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Karen Andrei and her husband Ron retired to Florida but they recently moved back to Indiana where she can be close to doctors who are treating her for breast cancer.
By IU Health Senior Journalist T.J. Banes email@example.com
Karen Andrei knows what it’s like to drive a distance to a top-notch healthcare facility. She and her husband, Ron spend much of their time on mission work in the Dominican Republic. One of their biggest projects has been building a medical clinic in Bajos de Haina.
Residents of the economically depressed community are 45 minutes away from the nearest hospital. When Karen Andrei was diagnosed with breast cancer on July 26, she had a primal mastectomy with lymph node removal and learned that surgery would be followed by radiation and chemotherapy.
“We live two hours from the nearest cancer center in Florida. I was born and raised here and knew the reputation of IU Health so this is where I chose to come for my treatment,” said Karen. At IU Health she is under the care of surgeon Dr. Gary Dunnington, radiation oncologist Dr. Ryan Rhome, and hematologist/oncologist Dr. Tarah Ballinger.
Andrei had just gotten a routine mammogram in June. The spot – a size of a BB - escaped detection but shortly after the screening, she was called back for a recheck. There was a “suspicious spot” detected.
“I had the same thing happen last year so I thought I’d just wait on a recheck. I didn’t really think much of it,” said Andrei. But when she was back in Indiana in July she had a second mammogram, ultra sound and biopsy. Within two days she was notified that breast cancer had been detected.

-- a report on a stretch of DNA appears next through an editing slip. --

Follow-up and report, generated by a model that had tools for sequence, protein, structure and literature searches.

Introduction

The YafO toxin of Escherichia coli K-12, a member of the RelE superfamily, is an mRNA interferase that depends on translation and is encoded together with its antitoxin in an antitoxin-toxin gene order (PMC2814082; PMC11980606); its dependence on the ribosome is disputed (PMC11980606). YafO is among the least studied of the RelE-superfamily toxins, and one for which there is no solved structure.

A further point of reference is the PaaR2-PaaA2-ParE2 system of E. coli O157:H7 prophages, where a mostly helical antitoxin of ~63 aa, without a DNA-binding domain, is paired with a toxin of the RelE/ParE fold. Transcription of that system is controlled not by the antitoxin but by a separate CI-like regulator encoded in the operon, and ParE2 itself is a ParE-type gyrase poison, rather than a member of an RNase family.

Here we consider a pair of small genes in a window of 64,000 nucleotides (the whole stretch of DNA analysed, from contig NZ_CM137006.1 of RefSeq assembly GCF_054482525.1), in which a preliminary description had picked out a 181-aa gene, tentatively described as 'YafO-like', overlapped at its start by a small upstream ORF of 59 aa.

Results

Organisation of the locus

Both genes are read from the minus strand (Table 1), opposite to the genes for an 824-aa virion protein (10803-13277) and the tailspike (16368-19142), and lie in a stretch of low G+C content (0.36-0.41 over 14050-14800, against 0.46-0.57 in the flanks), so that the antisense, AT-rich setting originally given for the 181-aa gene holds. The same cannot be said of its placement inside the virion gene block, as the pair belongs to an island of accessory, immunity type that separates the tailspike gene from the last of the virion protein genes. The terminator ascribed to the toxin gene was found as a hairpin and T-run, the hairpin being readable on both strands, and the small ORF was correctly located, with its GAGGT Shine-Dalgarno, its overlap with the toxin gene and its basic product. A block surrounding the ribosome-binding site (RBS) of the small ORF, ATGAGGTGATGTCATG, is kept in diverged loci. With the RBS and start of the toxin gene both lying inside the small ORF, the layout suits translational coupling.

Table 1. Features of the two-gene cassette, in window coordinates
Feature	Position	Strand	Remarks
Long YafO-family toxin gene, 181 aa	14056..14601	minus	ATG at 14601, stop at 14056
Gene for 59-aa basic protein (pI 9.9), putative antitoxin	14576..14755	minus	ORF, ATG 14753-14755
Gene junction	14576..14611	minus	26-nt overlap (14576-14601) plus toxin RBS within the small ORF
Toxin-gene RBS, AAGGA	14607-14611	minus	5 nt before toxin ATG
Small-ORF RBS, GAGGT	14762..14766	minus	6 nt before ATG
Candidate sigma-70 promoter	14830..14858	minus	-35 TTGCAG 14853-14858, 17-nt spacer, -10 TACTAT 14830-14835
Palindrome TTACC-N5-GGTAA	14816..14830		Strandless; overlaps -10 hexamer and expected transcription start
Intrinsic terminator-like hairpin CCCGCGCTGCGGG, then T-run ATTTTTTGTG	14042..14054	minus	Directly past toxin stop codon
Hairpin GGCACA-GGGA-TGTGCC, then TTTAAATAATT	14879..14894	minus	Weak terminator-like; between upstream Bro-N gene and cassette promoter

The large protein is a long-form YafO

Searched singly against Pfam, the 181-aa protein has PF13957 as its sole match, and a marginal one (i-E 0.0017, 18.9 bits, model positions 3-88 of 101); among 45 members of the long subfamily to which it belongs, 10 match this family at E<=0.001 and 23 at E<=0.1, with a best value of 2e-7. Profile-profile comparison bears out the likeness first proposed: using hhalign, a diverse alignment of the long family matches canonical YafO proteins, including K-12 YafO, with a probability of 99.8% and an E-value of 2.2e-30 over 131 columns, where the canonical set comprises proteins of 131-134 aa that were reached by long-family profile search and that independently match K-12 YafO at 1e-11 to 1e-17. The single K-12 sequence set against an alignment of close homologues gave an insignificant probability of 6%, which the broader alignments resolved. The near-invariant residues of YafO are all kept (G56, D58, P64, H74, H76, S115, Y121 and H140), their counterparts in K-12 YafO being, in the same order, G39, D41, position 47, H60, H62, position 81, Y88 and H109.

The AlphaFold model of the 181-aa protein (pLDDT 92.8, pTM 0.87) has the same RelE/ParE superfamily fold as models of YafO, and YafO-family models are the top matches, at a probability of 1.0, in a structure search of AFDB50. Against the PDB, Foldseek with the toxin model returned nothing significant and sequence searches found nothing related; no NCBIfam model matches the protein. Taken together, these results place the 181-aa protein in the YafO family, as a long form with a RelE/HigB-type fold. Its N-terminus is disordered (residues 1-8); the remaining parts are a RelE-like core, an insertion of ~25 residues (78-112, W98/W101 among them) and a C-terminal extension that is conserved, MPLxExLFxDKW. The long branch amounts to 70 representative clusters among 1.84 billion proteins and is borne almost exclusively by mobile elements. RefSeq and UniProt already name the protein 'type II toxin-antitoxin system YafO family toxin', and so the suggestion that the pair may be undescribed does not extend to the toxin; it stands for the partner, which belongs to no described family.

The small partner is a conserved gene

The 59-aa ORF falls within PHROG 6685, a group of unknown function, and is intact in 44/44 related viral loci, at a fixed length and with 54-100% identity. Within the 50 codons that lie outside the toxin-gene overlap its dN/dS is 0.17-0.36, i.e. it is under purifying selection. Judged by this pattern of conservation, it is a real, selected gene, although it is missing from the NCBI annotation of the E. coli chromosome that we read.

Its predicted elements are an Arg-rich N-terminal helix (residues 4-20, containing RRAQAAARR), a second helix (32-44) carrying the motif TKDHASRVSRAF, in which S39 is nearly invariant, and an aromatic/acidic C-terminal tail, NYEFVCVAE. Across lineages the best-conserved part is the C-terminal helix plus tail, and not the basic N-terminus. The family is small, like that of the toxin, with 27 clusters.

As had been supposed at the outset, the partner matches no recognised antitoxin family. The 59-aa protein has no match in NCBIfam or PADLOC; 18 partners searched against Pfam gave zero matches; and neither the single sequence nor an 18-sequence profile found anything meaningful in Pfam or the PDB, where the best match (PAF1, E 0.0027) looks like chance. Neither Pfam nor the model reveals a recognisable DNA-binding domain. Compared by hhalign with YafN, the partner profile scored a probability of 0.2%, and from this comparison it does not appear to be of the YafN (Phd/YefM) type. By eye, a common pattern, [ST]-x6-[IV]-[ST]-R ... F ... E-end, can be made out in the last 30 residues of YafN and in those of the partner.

Because her sister also had breast cancer, Andrei opted to have the BRCA gene test – a blood test that determines if she has changes in her DNA that increase the risk of breast cancer. The test came back negative. Her diagnosis is HER2-positive meaning her breast cancer is the type in which the breast cancer cells test positive for a protein receptor called human epidermal growth factor receptor 2. About one in five breast cancers are HER2-positive.
“We’re not unique but this is unique to us. You never know what people are going through until you’re going through it. We are taking it day by day and we’re glad we have a great support system,” said Ron Andrei. The couple has been married for 15 years and together they have four adult children and one grandson.
The diagnosis has not only changed their address; it’s changed their focus.
Last year they were in the Dominican Republic at least half a dozen times delivering food, clothing, and medical supplies. Working with their church in Key West, Glad Tidings Tabernacle their goal is to help underserved youth - especially young women – learn to live a healthy lifestyle. The United Nations has determined Haina has one of the highest levels of lead contamination in the world and its population carries indications of lead poisoning. It is considered to have one of the highest pollution levels in the world.
“I’ve always worked with the young women on self-care,” said Andrei. “They bathe in the same water that they do their laundry and cooking in. It’s hard to change habits. Now when I look at practicing good health, I want to talk to them about mammograms and try to find a way to help them with early detection.”
The Andreis are also helping the community work toward becoming self-sustaining by introducing a pilot program through Project Ruth. Residents make paracord bracelets and key chains that are then sold to fund missions. Since Karen’s diagnosis, they are designing pink bracelets for breast cancer awareness.
For now, their mission work is on hold as they move forward in the treatment process.
“I have faith. You can have faith in the "God" but you also need faith in the doctors,” said Karen. “I feel confident that I’m getting the care that I need. Here I know I won’t be treated as a number but as a person. I want to be thought of as a whole person not just a person defined by my cancer.”